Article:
Legislators debate policies for small firm redevelopment funds

Lawmakers discuss policies for small business retraining funds

Business News: Legislators debate policies for small firm redevelopment funds.

Small Indiana businesses, especially in the hospitality industry, are one step closer to getting help from the state to be recovered from the pandemic.

On Thursday, a Senate committee consensually approved a bill, HB 1004, for a $ 30 million small business recovery program.

The legislation basically promotes a program created last year by the Indiana Economic Development Corporation with the help of COVID-19 federal aid money.

It is primarily aimed at companies in the hospitality industry and is limited to companies with annual sales of $ 10 million or less. Businesses must also show a monthly revenue loss of at least 30% to qualify.

Patrick Tamm is supporting Indiana restaurants and hotels. He said the subsidies may be too limited.

“There are a lot of restaurants around here that can barely stay afloat, that can barely pay the rent – they cross the $ 10 million mark,” Tamm said.

Under the bill, the grants could not exceed $ 50,000 for a company.

Senator Ryan Mishler (R-Bremen) said he wanted to target the program to small businesses that need the most help.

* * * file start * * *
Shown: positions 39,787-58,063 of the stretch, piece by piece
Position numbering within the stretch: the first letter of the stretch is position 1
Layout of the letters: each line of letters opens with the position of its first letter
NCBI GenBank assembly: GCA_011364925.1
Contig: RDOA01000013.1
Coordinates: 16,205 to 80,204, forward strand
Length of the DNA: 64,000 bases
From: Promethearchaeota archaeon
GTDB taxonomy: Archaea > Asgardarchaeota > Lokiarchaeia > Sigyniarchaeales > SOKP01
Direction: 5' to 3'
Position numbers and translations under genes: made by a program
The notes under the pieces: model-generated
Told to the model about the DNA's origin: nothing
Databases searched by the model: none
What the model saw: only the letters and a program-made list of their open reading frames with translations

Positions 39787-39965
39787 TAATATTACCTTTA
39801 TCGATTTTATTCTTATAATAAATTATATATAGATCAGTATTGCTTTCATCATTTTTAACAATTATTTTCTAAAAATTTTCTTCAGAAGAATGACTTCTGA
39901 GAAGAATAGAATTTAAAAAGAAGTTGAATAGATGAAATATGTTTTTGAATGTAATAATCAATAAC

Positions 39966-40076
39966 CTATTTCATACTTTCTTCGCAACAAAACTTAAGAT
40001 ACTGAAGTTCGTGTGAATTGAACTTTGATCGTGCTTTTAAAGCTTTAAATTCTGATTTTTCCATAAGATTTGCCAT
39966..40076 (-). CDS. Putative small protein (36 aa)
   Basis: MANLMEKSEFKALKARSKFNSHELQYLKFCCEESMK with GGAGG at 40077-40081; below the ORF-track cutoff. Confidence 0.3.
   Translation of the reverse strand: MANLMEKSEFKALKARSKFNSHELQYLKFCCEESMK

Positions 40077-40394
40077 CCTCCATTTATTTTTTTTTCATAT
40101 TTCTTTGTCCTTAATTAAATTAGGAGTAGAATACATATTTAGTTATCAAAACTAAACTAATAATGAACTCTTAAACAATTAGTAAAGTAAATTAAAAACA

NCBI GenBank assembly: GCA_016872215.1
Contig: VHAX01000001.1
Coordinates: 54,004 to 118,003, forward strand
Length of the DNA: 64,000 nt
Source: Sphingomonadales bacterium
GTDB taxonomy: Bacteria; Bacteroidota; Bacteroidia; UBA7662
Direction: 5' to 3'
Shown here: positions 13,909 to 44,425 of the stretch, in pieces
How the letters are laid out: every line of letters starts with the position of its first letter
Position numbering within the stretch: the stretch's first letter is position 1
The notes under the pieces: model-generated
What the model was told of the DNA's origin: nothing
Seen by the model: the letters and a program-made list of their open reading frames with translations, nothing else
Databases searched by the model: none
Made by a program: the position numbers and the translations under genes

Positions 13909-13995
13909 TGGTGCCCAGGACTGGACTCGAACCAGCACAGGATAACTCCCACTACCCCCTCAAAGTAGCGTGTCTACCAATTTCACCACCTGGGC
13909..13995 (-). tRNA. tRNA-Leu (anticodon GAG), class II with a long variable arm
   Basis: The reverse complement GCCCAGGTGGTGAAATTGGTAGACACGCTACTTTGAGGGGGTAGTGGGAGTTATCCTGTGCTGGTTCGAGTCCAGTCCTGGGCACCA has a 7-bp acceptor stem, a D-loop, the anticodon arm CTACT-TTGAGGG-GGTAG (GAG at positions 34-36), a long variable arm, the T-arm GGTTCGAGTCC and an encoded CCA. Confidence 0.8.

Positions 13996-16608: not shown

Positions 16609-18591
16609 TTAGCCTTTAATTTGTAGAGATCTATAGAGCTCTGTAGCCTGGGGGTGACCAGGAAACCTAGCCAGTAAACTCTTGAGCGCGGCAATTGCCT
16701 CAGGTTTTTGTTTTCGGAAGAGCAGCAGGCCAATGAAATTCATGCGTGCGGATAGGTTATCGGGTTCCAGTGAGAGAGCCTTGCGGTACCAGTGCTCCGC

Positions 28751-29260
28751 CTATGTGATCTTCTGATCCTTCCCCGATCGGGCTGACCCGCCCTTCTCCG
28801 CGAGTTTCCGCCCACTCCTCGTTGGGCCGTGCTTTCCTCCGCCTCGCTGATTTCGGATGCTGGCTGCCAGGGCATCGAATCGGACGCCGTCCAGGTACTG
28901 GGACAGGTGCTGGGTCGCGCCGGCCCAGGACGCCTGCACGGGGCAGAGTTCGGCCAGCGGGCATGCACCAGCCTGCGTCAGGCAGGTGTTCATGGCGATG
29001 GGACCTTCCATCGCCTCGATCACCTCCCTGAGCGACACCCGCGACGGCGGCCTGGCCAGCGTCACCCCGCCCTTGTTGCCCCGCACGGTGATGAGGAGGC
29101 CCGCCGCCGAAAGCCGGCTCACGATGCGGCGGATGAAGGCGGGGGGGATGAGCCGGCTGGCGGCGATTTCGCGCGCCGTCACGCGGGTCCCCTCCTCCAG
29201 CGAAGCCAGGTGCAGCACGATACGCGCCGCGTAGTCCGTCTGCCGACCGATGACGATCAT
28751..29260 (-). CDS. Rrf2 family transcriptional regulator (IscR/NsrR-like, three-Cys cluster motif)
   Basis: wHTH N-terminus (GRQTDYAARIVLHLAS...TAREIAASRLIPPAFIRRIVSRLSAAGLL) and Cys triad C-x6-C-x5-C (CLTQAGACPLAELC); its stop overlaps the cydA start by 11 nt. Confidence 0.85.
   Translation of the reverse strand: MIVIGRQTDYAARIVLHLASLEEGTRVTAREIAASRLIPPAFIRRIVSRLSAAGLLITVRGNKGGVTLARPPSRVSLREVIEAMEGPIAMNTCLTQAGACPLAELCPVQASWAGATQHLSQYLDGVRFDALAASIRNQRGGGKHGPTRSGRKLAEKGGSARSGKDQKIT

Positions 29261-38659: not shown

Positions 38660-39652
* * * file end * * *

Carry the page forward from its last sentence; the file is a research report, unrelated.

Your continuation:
“Either we drop the guardrails or we keep them,” Mishler said. “Because no matter how high the limit increases, the next group will say, ‘Oh, we just fell off that limit. Can you turn it up a little more? “

Senator Liz Brown (R-Fort Wayne) expressed concern about how the grants would be distributed on a first-come-first-served basis.

“It’s hard to get this information to people,” Brown said. “I would like to make sure that it is, perhaps, appropriately distributed to certain parts of the state, so that everyone has at least a chance to get some of it.”

The Senate commission made a significant change to the provision. According to the House version of the bill, the $ 30 million for the program would come from the state budget. But Mishler wants it to come from the remaining federal CARES Act funds that the state has not yet spent.

The bill now goes to the full Senate.